Part of my trepidation in keeping it going is that when I started, I felt certain that my position was an "embedded librarian" position, and before I determined that maybe it's not, I snatched up this blog address as well as the matching username in del.icio.us. So I am always a little embarrassed about the blog address and the questions it invites. Furthermore, there are lingering suspicions in my mind along the lines of what one of JD Roth’s friends said in the linked entry above:
  • "Weblogs are narcissistic.
  • Weblogs make a mess of Google’s search results.
  • Bloggers present a biased view of their world." (original post)
Well…yes, yes, and yes.

This is truly a self-centered activity, but centering is inherently good, and no one is going to do it for me. Therefore, look at your blog as “self-centered” in the best possible use of the phrase. Blogging helps me figure out what I have been working on, how to synthesize it into a decent piece of writing, how to explain it to readers outside my content area, and what it means for the field. As for it making a mess of search results, well there are ways to control for that but more importantly, if you wanted to learn about solo librarianship, wouldn’t you like to read some solo librarians’ blogs? And as for the third objection, if I have a biased view of my world, it is there whether or not I blog about it. Blogging is an opportunity to identify the elements of that worldview that may be inhibiting my work, and inviting comments is a way to seek candid contributions from others.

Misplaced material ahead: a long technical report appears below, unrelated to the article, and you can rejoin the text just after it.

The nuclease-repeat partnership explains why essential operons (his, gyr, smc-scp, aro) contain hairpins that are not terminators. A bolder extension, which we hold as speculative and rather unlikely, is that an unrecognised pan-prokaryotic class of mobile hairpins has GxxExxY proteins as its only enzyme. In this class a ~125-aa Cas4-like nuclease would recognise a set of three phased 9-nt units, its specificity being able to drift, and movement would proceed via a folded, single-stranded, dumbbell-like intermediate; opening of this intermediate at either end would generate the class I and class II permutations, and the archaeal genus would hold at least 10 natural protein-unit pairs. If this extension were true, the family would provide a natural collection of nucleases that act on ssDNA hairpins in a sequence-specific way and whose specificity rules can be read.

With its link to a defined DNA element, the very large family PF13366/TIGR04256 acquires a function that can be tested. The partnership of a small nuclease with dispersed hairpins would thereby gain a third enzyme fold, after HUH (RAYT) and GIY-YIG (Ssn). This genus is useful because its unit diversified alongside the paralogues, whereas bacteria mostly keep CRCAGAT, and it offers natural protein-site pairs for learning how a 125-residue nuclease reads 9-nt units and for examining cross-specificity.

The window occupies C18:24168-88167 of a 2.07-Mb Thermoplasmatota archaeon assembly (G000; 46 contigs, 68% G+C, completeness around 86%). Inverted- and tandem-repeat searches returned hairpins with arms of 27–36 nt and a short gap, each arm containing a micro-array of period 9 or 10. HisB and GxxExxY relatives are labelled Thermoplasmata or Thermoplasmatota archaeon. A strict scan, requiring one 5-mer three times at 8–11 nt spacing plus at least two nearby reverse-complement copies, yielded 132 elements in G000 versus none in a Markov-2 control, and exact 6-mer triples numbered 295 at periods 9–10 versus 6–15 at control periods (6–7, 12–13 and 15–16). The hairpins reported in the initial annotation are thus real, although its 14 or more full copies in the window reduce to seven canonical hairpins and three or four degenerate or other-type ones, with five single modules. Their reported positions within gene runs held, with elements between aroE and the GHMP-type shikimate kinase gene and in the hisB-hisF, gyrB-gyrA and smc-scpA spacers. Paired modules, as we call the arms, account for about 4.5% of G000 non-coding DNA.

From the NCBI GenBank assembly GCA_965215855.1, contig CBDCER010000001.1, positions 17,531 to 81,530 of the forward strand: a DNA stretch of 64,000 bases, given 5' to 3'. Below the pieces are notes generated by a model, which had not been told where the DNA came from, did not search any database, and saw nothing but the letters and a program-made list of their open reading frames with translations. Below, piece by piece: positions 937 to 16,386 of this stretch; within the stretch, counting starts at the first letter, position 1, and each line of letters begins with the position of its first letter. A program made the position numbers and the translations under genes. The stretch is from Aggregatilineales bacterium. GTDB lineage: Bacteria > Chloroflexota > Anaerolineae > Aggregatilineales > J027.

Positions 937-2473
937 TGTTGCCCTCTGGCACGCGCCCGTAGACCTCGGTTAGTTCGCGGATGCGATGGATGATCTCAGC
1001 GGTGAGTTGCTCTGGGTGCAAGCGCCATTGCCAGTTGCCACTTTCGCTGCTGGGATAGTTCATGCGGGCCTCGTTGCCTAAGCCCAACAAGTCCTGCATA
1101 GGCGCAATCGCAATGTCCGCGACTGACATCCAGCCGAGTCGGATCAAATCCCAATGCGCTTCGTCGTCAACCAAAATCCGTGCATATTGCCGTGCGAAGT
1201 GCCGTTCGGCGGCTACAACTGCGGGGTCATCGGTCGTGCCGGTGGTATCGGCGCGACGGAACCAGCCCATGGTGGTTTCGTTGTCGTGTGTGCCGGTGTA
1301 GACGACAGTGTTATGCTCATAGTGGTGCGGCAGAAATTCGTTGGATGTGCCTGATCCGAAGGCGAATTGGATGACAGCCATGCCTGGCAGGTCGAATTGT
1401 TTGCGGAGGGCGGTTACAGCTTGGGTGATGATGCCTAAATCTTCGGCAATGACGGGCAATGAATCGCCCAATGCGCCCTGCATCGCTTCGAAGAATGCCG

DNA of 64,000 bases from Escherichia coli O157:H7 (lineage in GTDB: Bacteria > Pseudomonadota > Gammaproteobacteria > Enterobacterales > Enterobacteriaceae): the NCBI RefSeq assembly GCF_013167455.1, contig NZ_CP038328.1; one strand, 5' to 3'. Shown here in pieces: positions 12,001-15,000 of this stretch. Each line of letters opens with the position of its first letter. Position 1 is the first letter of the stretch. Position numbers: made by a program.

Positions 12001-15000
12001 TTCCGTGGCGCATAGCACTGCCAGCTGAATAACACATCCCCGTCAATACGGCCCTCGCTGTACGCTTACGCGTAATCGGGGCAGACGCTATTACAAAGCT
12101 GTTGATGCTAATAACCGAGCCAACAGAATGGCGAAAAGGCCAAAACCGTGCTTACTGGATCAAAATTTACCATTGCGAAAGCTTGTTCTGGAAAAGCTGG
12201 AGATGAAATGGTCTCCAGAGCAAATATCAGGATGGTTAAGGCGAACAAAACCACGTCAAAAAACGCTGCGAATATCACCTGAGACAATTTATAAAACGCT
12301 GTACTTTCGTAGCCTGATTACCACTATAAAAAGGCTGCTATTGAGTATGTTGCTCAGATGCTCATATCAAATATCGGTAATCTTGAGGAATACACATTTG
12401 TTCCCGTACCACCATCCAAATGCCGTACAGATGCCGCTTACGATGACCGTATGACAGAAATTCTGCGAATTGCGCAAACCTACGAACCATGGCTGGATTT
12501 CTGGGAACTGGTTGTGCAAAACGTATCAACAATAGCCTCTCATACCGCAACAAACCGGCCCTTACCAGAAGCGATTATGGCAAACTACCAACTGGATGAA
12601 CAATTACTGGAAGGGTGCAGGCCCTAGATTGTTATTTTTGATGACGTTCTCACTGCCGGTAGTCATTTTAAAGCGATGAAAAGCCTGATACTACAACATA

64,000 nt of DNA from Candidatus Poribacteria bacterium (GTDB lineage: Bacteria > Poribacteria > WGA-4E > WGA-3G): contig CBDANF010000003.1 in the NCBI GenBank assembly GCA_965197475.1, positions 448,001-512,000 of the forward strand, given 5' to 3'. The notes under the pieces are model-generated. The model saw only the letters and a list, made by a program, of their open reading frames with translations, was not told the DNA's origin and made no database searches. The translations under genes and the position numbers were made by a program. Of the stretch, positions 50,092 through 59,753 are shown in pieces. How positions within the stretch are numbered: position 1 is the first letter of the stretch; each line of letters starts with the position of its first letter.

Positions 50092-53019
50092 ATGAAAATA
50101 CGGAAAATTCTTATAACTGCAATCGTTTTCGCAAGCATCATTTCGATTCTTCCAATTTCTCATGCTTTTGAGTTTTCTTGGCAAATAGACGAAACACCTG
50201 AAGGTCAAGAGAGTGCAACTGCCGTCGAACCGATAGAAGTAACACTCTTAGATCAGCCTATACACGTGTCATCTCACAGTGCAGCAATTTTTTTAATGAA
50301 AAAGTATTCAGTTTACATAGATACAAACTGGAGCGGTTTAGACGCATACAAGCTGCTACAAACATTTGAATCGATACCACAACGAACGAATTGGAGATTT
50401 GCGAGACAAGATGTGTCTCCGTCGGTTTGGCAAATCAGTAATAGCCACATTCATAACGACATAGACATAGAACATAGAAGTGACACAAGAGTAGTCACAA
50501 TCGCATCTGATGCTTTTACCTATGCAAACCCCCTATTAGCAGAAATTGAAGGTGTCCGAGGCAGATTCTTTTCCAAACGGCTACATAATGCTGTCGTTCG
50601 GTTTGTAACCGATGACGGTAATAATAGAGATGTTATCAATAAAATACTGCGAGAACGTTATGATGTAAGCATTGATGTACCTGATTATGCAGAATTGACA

Keeping this blog going is also a way to take a weekly deep breath about my job and figure out where I’ve been and where I’m headed, especially if I have time to go back over some of the old entries. Maybe I will discover that I have encountered the same challenges before and remember how I resolved them. Maybe I will find renewed motivation, or at least scratch my head and wonder why I sounded so hopeful in all those early entries. Maybe I will dust off my librarian adventurer boots and jump in anew and refreshed.

As for how to do it, here are my guiding principles:
  • Imagine an audience.
  • Put some thought into it.
  • Don't complain.
  • Read other blogs and learn from them.